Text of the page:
In almost every ad, you’re likely to find fine print. Note that even disclosures such as these may not be sufficient to offset a deceptive claim or headline regardless of how many truthful disclosures follow it.
Examples include misleading cost or price claims, offering a product or service that is not available, using bait-and-switch techniques, omission of material limitations or conditions from an offer, or failing to provide a promised service.
The FTC applies a four-part test to determine whether an act or practice can be considered misleading under the law.
- Prominence: Is the statement prominent enough for consumers to notice?
- Presentation: Is the information easy to understand and presented in a way that doesn’t contradict other information, and when the consumer is not distracted?
- Placement: Is the information placed where consumers can reasonably see or hear it?
- Proximity: Is the information close to the claim it qualifies?
Essentially, whether an act or practice is deceptive depends on how a reasonable target audience member would interpret the representation in question. It may still be considered deceptive if the majority of the target audience doesn’t share the plaintiff’s interpretation. The act or practice can still be regarded as deceptive if a significant minority of such consumers is misled.
Additionally, if a seller’s representation conveys more than one meaning (to reasonable consumers), and one of those meanings is false, the seller may be liable for the misleading interpretation. Exaggerated claims or “puffery” are not deceptive if a reasonable consumer would not take the claims seriously. Saying “This car flies like a jet,” for example, would not be misleading, as it is a fantastic or unrealistic claim.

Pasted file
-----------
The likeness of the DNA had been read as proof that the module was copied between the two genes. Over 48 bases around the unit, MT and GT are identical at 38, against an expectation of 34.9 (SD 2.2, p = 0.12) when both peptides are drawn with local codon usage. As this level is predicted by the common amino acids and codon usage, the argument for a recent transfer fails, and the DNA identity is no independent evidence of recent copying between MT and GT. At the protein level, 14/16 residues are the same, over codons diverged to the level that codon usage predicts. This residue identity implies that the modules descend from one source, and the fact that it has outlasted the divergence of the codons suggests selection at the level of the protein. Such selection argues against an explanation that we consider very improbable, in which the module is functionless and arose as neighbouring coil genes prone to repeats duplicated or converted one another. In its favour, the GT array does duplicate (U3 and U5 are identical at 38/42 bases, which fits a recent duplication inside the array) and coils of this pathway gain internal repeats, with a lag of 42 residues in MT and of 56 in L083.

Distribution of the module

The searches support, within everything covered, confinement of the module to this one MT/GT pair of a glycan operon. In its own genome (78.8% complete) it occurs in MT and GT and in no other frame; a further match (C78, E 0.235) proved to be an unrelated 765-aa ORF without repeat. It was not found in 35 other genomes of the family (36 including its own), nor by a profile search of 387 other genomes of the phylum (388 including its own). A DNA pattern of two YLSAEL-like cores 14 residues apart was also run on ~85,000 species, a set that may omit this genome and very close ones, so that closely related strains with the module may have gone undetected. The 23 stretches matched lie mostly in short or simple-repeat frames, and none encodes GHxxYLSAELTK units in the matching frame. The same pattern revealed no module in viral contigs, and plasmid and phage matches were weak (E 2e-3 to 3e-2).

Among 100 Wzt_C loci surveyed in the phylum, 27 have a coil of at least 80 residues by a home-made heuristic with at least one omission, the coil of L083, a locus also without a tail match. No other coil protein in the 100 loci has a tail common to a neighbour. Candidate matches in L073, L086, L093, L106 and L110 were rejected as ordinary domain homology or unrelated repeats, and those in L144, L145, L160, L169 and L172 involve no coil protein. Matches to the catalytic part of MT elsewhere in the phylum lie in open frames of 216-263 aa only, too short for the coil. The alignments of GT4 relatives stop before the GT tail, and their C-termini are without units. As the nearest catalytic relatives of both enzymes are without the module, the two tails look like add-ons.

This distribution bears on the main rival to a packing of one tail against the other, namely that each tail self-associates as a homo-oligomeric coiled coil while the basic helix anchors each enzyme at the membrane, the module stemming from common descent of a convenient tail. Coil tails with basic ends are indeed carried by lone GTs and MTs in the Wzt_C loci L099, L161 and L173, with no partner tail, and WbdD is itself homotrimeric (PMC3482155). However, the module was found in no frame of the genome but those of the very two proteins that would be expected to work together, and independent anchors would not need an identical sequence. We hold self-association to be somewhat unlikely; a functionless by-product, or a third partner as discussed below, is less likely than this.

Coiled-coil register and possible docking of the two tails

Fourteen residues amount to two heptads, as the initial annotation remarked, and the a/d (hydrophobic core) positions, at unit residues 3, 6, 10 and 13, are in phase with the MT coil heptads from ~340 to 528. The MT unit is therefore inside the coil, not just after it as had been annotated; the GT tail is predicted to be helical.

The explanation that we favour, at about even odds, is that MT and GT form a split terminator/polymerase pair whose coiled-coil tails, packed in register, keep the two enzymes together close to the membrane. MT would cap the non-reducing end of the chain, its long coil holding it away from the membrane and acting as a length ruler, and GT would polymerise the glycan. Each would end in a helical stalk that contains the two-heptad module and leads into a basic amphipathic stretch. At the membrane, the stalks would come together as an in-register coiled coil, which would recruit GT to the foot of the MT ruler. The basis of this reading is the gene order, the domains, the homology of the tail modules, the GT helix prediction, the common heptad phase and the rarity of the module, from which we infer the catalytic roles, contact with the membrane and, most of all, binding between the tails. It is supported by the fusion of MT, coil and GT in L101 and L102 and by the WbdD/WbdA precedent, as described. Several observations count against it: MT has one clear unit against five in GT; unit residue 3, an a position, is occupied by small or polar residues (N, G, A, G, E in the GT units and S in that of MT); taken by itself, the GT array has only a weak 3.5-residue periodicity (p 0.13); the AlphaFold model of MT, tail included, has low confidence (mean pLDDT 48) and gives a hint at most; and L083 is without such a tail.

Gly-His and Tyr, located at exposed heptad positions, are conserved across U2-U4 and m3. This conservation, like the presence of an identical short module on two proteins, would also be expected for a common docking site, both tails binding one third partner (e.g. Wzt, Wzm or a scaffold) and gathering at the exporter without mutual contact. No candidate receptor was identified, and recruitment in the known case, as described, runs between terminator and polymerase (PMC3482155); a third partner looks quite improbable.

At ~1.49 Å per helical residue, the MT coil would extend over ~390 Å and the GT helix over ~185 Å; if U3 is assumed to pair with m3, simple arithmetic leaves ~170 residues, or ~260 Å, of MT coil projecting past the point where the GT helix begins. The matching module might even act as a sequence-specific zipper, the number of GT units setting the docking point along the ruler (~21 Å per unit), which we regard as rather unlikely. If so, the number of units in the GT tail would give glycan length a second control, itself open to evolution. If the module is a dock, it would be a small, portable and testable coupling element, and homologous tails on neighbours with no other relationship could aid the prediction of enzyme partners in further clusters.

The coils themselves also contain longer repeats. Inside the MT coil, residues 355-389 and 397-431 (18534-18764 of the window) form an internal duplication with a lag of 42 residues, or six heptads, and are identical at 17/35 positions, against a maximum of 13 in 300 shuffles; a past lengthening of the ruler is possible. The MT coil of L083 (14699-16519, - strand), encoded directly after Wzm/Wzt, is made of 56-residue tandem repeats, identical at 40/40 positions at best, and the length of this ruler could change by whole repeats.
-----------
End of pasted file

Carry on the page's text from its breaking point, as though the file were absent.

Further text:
Whether or not an act or practice is “material” depends on whether or not it affects the consumer’s ability to make and understand a decision. If the information is important to consumers, it may be material. Under the law, some information is considered material. Additionally, even implied claims can be material in some cases.
Claims known to be false are presumed to be material, as are omissions that a seller should have known were important to the consumer. A good example would be the diesel cheating scandal involving car companies who advertised their products as “clean,” knowing full well the product was not nearly compliant with environmental laws.[ Back to Top ]
What Are Some Examples of Unfair and Deceptive Trade Practices?
Some examples of unfair or deceptive trade practices include:
- Claiming a product is something it is not or performs a task it does not, or substituting an inferior product for the product advertised